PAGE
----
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The Discovery of Freedom: Man's Struggle Against Authority

4.11  ·  Rating Details ·  168 Ratings  ·  15 Reviews
This is a book of timeless importance. It must be read by anyone who is seriously interested in the heritage of liberty--not just in America, but the world over. And reading it is a joy. Lane, who is said to have written the book 'at white heat,' was at once a brilliant thinker and a gifted storyteller.

This book is a withering attack on statism, nationalism, and what Nobel
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Paperback, 262 pages
Published 1993 by Fox & Wilkes (first published 1943)
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Daniel Villines
Oct 11, 2014 Daniel Villines rated it did not like it
The idea put forward by Rose Wilder Lane has merit. I think most people would agree that limited government interference in one's life leads to an increased ability to survive and thrive in this world. It's and idea that acknowledges that government cannot understand any one person's individual needs so laws and regulations that try to shape the behaviors and actions of an individual are generally a bad thing. Had Lane simply presented this idea, its successes and its failures, there would have ...more
Zinger
Mar 03, 2009 Zinger rated it really liked it
Shelves: 2009
I didn’t give this book a 5 only because if wasn’t polished, which I believe is the same complaint Laura Wilder Lane has.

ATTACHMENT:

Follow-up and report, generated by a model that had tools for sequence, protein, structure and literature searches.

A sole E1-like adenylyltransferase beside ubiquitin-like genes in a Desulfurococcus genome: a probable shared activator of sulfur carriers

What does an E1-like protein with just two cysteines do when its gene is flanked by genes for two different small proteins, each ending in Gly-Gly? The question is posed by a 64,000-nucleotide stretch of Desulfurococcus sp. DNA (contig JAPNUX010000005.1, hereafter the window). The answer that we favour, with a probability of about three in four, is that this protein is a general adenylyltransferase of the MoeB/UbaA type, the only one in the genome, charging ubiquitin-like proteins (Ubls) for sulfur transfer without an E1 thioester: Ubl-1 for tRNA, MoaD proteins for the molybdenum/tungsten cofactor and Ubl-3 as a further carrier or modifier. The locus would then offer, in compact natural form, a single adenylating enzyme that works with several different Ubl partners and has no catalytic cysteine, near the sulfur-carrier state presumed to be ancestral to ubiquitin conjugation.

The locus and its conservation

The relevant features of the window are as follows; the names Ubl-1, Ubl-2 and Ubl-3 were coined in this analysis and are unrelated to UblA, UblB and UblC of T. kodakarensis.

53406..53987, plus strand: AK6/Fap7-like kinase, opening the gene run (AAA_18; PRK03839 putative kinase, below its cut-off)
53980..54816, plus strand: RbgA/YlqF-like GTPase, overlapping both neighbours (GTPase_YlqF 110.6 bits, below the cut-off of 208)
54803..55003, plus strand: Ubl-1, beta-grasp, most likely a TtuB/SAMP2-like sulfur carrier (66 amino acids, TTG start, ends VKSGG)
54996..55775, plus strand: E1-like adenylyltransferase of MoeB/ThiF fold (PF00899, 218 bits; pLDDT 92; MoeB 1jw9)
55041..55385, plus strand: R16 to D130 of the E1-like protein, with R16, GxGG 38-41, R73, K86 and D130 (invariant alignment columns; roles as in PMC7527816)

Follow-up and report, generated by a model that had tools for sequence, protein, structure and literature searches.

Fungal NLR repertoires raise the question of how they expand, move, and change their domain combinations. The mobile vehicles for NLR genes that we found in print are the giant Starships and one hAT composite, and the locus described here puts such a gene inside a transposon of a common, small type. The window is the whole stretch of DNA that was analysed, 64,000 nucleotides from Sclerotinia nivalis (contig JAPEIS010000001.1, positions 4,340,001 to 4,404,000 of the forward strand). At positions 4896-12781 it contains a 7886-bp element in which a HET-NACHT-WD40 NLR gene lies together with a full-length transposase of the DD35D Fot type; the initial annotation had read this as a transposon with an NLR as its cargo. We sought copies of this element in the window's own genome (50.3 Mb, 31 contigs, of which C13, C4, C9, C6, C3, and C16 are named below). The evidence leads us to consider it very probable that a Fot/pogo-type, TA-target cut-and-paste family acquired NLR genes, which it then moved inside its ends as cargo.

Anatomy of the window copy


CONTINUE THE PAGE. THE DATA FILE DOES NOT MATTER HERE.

This book really lays it out in black and white, in clear descriptions, of why nations are cursed with poverty and stagnation, or prosper and flourish. The “Old World” believed that people needed authority to exist and that government is the great human parent that grants permissions and takes care of people. The “New World” exposed that belief as a lie. Individuals do not nee
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Sarah
Oct 24, 2016 Sarah rated it really liked it
There were so many moments I wanted to leap online and give this book 5 stars as a high-five, so many times I looked around for paper to jot down a great quote or insight. It was like an entire book expanding on one of my favorite book quotes, from Robert Heinlein's The Moon is a Harsh Mistress, about how the state and society don't exist, save as the manifestation of the acts of responsible individuals, with whom responsibility and blame must solely lie. Despite having internalized this ...more
Motherhouse
Aug 09, 2008 Motherhouse rated it it was amazing
This is the quintessential work on the origins and nature of freedom, of the split between American and European thinking on government and liberty. If you’ve read Mainspring of Human Progress, The Five Thousand Year Leap or anything else on American government or freedom you need to forget them and read this foundational book (exceptions: Constitution, Declaration and Federalist Papers) then build back up again with the other stuff.
The genius of this work is the soil it grew out of; Lane repre
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Tammie
Feb 11, 2010 Tammie rated it liked it
I'm excited to be reading this book! Rose Wilder Lane was the daughter of Laura Ingals Wilder! Rose was leaning toward socialism at one point in her life. Then went Europe as a writer for the Red Cross just after World War I and had quite the Paradigm shift! Very excited to read it all!!!!